Designing Marketing Research Questionnaires

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  • 0:03 Marketing Research…
  • 0:53 Designing Questions
  • 2:35 Which Type of Question to Use?
  • 3:04 Improving Response Rate
  • 4:29 Lesson Summary
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Lesson Transcript
Instructor: Yuanxin (Amy) Yang Alcocer

Amy has a master's degree in secondary education and has taught math at a public charter high school.

As you design your marketing research questionnaire, you'll find just how important the right questions are in finding out the information you want. Learn how to write effective questions in this lesson.

Marketing Research Questionnaires

Have you ever been presented with a short survey after having a conversation with a customer service department of some company? This is a type of marketing research questionnaire, a tool used by marketers to help them find out information about a certain group of people via the use of questions and prompts. For example, after the customer service conversation, you might have been asked:

  • Did the customer service agent resolve your issue today?

If this question is given over the phone, you can then use your phone to punch in a number on a scale (say, 1 to 4) to give your answer.

This question was carefully written so the marketers can gain useful insight to your experience. For example, by using a 4 point scale, there's no way you can give a neutral answer. You either have to agree to some degree or disagree to some degree. A 5 point scale, on the other hand, does provide room for neutrality.

Designing Questions

Let's talk about how you can write and design a good marketing research questionnaire. There are two basic question types you can use - structured and unstructured - both of which have their merits.


Structured questions give a scale or choice between a selected number of answers. There are three types of structured questions:

1. Dichotomous questions give only two answer choices:

  • Did you purchase an item from our store between January and March of 2017? Yes or No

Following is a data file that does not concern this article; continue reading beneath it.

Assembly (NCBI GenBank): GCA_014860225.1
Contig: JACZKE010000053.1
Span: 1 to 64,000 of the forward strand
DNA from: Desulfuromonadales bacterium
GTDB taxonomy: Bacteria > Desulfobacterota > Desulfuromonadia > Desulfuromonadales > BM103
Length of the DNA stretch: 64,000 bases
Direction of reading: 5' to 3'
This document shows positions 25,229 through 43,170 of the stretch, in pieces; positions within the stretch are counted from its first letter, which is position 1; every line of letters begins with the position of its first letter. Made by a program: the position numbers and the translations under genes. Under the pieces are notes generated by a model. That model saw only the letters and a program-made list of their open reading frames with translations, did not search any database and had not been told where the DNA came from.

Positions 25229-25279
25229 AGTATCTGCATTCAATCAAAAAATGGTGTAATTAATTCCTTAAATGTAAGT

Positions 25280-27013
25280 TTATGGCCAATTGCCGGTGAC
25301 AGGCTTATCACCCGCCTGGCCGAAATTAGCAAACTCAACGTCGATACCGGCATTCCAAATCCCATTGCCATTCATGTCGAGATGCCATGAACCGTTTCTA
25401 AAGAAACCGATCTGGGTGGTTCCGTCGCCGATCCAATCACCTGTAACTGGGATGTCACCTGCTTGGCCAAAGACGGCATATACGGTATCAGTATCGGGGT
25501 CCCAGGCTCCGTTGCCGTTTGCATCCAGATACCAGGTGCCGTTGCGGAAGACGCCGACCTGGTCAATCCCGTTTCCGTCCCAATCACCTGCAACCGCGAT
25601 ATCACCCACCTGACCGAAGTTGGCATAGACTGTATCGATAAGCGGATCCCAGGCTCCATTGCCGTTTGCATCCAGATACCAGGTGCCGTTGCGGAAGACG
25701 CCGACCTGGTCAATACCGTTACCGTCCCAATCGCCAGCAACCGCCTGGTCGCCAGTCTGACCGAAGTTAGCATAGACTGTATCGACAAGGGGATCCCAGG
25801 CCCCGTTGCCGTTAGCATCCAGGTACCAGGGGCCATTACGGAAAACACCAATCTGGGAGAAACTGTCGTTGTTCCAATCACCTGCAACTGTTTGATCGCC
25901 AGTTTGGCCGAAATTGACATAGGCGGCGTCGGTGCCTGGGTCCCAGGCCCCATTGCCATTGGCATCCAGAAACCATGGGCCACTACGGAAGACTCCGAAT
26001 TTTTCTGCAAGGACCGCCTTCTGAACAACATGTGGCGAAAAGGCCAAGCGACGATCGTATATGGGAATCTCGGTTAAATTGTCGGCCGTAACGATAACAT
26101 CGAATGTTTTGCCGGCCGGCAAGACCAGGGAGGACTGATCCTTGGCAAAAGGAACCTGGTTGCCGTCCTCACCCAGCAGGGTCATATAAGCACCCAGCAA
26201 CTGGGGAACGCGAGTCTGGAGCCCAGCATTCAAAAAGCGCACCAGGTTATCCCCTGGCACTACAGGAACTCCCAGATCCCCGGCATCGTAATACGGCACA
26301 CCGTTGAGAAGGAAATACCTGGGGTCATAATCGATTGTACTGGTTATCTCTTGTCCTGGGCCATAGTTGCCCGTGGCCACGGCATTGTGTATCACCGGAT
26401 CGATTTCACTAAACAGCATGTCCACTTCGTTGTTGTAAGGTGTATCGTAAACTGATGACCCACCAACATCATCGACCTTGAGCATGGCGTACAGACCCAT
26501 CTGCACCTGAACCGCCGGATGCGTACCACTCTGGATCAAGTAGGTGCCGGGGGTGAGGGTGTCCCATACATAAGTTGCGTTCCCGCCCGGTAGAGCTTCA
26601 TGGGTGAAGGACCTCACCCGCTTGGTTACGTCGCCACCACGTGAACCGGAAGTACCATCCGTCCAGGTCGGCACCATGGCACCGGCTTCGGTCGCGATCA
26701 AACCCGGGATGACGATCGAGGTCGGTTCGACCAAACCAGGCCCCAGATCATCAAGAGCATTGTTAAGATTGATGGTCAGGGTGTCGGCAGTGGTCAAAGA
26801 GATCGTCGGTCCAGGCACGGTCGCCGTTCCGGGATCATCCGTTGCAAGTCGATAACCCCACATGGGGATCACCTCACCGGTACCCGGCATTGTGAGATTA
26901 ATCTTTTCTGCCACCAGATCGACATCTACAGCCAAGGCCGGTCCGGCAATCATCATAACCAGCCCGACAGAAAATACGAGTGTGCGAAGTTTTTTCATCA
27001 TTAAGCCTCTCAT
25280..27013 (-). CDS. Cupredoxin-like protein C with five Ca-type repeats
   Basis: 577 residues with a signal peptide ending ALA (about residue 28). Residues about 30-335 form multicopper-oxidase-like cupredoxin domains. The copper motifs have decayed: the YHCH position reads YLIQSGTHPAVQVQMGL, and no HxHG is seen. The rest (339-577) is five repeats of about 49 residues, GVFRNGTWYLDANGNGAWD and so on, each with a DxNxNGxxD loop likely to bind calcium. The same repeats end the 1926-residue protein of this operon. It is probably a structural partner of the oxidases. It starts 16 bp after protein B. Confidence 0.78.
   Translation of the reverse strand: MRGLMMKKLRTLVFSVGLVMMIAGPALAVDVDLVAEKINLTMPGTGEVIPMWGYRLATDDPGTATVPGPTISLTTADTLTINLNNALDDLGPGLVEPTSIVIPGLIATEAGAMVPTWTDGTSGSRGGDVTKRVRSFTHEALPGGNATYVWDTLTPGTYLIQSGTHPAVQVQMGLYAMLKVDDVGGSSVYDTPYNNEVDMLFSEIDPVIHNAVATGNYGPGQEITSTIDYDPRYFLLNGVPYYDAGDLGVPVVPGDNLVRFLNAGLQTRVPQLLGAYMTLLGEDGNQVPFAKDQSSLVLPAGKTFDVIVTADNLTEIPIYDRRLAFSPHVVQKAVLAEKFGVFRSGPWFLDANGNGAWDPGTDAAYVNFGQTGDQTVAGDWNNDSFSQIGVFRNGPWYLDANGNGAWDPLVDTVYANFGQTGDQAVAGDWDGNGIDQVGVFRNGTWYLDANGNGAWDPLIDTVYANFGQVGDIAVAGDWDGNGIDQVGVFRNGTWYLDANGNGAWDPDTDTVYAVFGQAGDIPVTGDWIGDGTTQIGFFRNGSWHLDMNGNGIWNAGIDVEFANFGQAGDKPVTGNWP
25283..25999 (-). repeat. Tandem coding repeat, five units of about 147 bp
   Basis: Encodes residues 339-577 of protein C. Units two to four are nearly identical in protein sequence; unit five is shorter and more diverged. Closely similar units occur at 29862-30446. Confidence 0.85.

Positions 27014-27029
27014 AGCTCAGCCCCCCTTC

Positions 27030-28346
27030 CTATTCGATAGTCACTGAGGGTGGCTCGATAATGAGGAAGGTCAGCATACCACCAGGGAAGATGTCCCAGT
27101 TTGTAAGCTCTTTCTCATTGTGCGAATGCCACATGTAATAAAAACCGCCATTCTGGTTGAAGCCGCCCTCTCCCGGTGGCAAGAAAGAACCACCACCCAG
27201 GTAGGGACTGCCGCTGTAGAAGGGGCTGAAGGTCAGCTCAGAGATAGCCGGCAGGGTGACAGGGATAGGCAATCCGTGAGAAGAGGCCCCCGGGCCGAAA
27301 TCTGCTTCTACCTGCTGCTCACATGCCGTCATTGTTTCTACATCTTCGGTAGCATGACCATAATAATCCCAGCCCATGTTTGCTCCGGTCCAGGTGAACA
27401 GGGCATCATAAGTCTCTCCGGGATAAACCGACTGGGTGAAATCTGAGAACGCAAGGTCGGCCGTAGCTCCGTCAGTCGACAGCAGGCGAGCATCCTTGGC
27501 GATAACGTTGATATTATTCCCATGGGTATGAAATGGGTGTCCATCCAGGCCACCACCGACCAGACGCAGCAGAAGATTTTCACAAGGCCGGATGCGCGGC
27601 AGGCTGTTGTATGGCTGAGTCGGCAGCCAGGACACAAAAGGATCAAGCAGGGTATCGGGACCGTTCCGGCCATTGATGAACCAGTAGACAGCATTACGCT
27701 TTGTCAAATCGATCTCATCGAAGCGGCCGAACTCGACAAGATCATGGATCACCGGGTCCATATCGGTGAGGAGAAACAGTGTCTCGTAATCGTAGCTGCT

2. Multiple-choice questions, as you probably guessed, have multiple answer choices. An example of a multiple-choice question is:

  • Which of the following pets do you own? Select all that apply.
    • Dog
    • Cat
    • Fish
    • Rabbit
    • Hamster
    • Bird

3. The third type of structured questions are scaled questions where a rating level is offered. A sample scaled question would be:

  • I am satisfied with my latest purchase.
    • Strongly agree
    • Somewhat agree
    • Somewhat disagree
    • Strongly disagree


Unstructured questions are open-ended questions where you can answer any way you like. An example would be:

  • How can we improve?

Structured questions are fast to analyze and provide more quantitative data, whereas unstructured questions are good for getting to know your customer's thoughts and feelings. Unstructured questions are best used as sub-questions to get more information from a structured question. For example, after ''I am satisfied with my latest purchase'' you can include the unstructured question of:

  • Please explain. find out why your customer answered the way he or she did. This is a simple question prompt, but it can give you more insight into why your customer chose the rating that he or she did.

Which Type of Question to Use?

You can mix the types of questions any way you like, but follow a general flow. Begin with introductory questions that then flow into the topics you want to cover. Start with general questions that lead to more detailed questions. And, group similar questions together, varying your question types to keep your customers engaged. Place your most important questions at the beginning, such as demographics (age, income, etc.), as people tend not have the attention span to answer the questions towards the end.

Improving Response Rate

Even well-written marketing research questionnaires have to consider the response rate, or how many people actually fill out or answer the questionnaire. To help increase your response rate, keep your questionnaire as short as possible.

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